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AUTHOR: CAMERON DUODU

Did You Know That Ho Is The “oxygen City” Of Ghana?

Did You Know That Ho Is The “oxygen City” Of Ghana?

4 hours ago | Feature Article

I was talking to a person born and bred at Ho, in the Volta Region, about the impressions I gathered after visiting the ...

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How can Christiano Ronaldo miss a penalty? And yet missed a penalty he did On Monday July 1, 2024, in a match in the E ...

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In case you 39;re not up to speed with 39;post-Ai lingo 39;, 39;bot 39; is short for ldquo;robot rdquo;, and ld ...

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I strongly wish that at the beginning of each new administration (and on a six-monthly basis thereafter, the top members ...

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I wonder how any of those who listened to our President rsquo;s speech during the commissioning of The Law House ndash; ...

Jun 9, 2024 | Feature Article

In The colonial days (that is, before 1957) there was a dual system of justice in Ghana. Two types of law were being ...

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K1: Koo, I am so glad to see you today Especially, as you are wearing such a broad smile as I have not seen you exhibit ...

May 28, 2024 | Feature Article

I had run into Mr Joe Appiah in Col. Acheampong rsquo;s house shortly after the Colonel had seized power from the Bu ...

May 26, 2024 | Feature Article

The house in which i was raised at Asiakwa, in the Eastern Region, was typically one of those in which one could not hel ...

May 22, 2024 | Feature Article

The admission by the British Prime Minister, Mr Rishi Sunak, that over the past FIFTY years, the British National Health ...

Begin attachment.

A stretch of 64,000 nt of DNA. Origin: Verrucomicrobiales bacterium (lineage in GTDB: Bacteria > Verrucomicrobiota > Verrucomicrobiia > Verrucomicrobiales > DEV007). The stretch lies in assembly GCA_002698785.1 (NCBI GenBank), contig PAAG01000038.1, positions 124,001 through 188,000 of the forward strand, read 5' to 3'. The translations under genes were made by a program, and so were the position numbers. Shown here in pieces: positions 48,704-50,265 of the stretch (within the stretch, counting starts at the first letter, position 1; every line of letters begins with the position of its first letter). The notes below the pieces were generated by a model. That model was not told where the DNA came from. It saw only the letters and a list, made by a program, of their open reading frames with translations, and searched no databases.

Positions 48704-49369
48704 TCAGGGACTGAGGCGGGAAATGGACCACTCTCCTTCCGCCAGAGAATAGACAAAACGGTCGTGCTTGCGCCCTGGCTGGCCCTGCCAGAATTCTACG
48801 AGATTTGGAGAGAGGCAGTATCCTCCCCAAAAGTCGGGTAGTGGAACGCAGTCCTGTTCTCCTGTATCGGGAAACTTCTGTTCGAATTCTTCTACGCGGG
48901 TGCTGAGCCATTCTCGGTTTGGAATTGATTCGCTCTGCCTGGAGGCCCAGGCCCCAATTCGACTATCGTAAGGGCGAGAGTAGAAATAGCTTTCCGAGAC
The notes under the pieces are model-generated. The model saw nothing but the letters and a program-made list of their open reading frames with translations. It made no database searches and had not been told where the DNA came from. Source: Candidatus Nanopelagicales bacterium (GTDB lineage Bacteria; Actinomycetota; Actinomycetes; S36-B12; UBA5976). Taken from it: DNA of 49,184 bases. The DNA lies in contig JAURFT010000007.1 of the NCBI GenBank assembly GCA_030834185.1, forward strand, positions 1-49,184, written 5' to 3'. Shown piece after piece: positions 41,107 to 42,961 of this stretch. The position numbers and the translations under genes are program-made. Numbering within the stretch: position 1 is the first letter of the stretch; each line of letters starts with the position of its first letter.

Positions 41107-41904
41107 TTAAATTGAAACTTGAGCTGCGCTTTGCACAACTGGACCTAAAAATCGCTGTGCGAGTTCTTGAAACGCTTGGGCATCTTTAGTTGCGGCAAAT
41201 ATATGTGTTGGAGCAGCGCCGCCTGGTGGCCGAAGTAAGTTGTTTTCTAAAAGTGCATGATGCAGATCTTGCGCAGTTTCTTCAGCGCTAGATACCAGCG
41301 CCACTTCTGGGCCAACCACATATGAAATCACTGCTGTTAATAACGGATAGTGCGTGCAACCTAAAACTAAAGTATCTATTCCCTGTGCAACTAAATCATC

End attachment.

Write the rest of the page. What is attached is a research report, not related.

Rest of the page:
May 22, 2024 | Feature Article

The admission by the British Prime Minister, Mr Rishi Sunak, that over the past FIFTY years, the British National Health ...

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One of the most annoying things we journalists have to cope with is to find others deliberately twisting things we have ...

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The meaning of rdquo;?PEMSO?, rdquo; one of the traditional titles of Otumfuo the Asantehene, (King of Asante) is ldqu ...

Cameron Duodu
Cameron Duodu

Martin Cameron Duodu is a United Kingdom-based Ghanaian novelist, journalist, editor and broadcaster. After publishing a novel, The Gab Boys, in 1967, Duodu went on to a career as a journalist and editorialist.. More Martin Cameron Duodu (born 24 May 1937) is a United Kingdom-based Ghanaian novelist, journalist, editor and broadcaster. After publishing a novel, The Gab Boys, in 1967, Duodu went on to a career as a journalist and editorialist.

Education
Duodu was born in Asiakwa in eastern Ghana and educated at Kyebi Government Senior School and the Rapid Results College, London , through which he took his O-Level and A-Level examinations by correspondence course . He began writing while still at school, the first story he ever wrote ("Tough Guy In Town") being broadcast on the radio programme The Singing Net and subsequently included in Voices of Ghana , a 1958 anthology edited by Henry Swanzy that was "the first Ghanaian literary anthology of poems, stories, plays and essays".

Early career